The pathologist reports listed the immediate cause of death for both victims as “blunt force injuries” resulting from an accident.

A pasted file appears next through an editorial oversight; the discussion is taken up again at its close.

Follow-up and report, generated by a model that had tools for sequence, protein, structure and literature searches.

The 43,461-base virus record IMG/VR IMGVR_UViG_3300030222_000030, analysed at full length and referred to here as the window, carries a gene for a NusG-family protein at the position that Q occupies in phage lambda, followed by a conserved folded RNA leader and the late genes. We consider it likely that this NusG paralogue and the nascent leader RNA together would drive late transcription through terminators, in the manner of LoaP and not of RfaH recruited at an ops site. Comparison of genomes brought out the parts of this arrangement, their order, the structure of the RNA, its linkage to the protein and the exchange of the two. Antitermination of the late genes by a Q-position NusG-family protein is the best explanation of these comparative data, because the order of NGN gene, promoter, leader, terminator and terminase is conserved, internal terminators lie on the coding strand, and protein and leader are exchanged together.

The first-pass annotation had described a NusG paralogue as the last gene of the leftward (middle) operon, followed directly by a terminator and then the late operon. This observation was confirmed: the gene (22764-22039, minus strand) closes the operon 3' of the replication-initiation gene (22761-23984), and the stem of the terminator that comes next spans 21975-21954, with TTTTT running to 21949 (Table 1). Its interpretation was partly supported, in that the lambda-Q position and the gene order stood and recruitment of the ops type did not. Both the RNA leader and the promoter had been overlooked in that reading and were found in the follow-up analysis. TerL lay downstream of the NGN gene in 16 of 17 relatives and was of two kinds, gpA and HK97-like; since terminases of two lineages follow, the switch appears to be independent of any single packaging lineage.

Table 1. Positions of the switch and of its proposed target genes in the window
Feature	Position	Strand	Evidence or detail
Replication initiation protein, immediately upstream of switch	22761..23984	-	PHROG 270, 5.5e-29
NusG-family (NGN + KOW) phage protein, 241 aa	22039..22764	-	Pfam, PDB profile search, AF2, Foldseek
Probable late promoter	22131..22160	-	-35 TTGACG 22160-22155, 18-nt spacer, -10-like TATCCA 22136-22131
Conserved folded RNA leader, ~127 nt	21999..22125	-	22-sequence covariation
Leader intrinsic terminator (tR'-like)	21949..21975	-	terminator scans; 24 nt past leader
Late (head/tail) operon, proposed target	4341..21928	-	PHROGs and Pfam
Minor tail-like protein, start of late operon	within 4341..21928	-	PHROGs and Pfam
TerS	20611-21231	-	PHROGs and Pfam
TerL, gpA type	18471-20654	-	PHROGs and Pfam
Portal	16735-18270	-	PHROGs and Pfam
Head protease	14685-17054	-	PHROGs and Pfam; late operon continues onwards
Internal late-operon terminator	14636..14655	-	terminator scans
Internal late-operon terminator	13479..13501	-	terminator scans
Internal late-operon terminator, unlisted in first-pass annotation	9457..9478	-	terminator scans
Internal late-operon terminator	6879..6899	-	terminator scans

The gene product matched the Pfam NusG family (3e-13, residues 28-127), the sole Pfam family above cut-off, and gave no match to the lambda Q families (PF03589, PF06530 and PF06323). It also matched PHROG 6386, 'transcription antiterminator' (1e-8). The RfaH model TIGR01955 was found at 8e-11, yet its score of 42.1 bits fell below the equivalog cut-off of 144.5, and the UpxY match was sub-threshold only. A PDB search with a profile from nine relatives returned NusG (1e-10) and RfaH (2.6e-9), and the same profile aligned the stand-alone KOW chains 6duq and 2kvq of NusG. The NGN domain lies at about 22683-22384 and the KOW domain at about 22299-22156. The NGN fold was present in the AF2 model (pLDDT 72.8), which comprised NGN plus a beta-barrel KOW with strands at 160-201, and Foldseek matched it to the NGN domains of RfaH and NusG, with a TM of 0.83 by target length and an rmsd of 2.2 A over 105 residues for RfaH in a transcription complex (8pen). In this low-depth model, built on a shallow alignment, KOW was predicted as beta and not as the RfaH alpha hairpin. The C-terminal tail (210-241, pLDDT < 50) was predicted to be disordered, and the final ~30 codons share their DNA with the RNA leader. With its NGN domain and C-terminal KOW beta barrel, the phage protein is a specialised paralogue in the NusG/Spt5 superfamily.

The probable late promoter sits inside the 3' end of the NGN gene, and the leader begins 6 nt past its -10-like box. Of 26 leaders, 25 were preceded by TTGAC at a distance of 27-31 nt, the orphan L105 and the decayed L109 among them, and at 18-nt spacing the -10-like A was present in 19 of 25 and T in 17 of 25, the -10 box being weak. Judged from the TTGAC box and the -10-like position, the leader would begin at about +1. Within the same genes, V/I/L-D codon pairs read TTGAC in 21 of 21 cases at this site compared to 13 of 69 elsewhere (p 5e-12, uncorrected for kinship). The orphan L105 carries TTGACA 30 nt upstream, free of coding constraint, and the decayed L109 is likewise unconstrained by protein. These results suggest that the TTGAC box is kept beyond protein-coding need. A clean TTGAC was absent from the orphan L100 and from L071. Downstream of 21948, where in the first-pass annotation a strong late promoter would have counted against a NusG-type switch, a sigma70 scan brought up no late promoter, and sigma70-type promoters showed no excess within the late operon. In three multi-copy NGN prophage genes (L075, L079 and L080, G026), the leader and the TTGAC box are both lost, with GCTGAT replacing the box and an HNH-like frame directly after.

Discussion: Modern fire apparatus are complex equipment. Fire fighters require considerable knowledge, skills and abilities in order to properly and safely operate fire apparatus. NFPA 1002 Standard for Fire Apparatus Driver/Operator Professional Qualifications, Chapter 5 lists the requisite knowledge and skills necessary to safely operate fire apparatus equipped with fire pumps.5 In this incident, the fire department received delivery of a newly manufactured 2008 model, 95-foot mid-mount aerial platform apparatus. Each of the three duty shifts received a factory-authorized training program of approximately eight (8) hours, including both classroom and practical exercises. The hands-on training included raising the aerial platform into the air with fire fighters in the platform. After completing the factory training, each shift practiced and drilled with the new apparatus as time permitted. Fire fighters interviewed by NIOSH investigators reported taking the apparatus out in front of the station and setting it up a number of times. They also reported taking the apparatus to the local football field, elevating the platform and flowing water on at least one occasion. This was the first platform apparatus utilized by the fire department and was purchased to replace a straight 110’ aerial ladder truck. The electronic-over-hydraulic controls were completely different than other fire apparatus at the department. In general, training should reinforce safe practices until they become automatic. Training on the proper method of operating an aerial platform should be done in low risk settings. In this incident, the fire department initiated additional training following a structure fire so that fire fighters could gain additional experience in setting up and operating the newly-purchased aerial platform apparatus. A number of fire fighters interviewed by NIOSH investigators reported jerky and unsteady movement of the ladder and platform while operating the controls. The use of a spotter stationed on the roof of the dormitory may have aided in guiding the platform operator while the platform approached the building.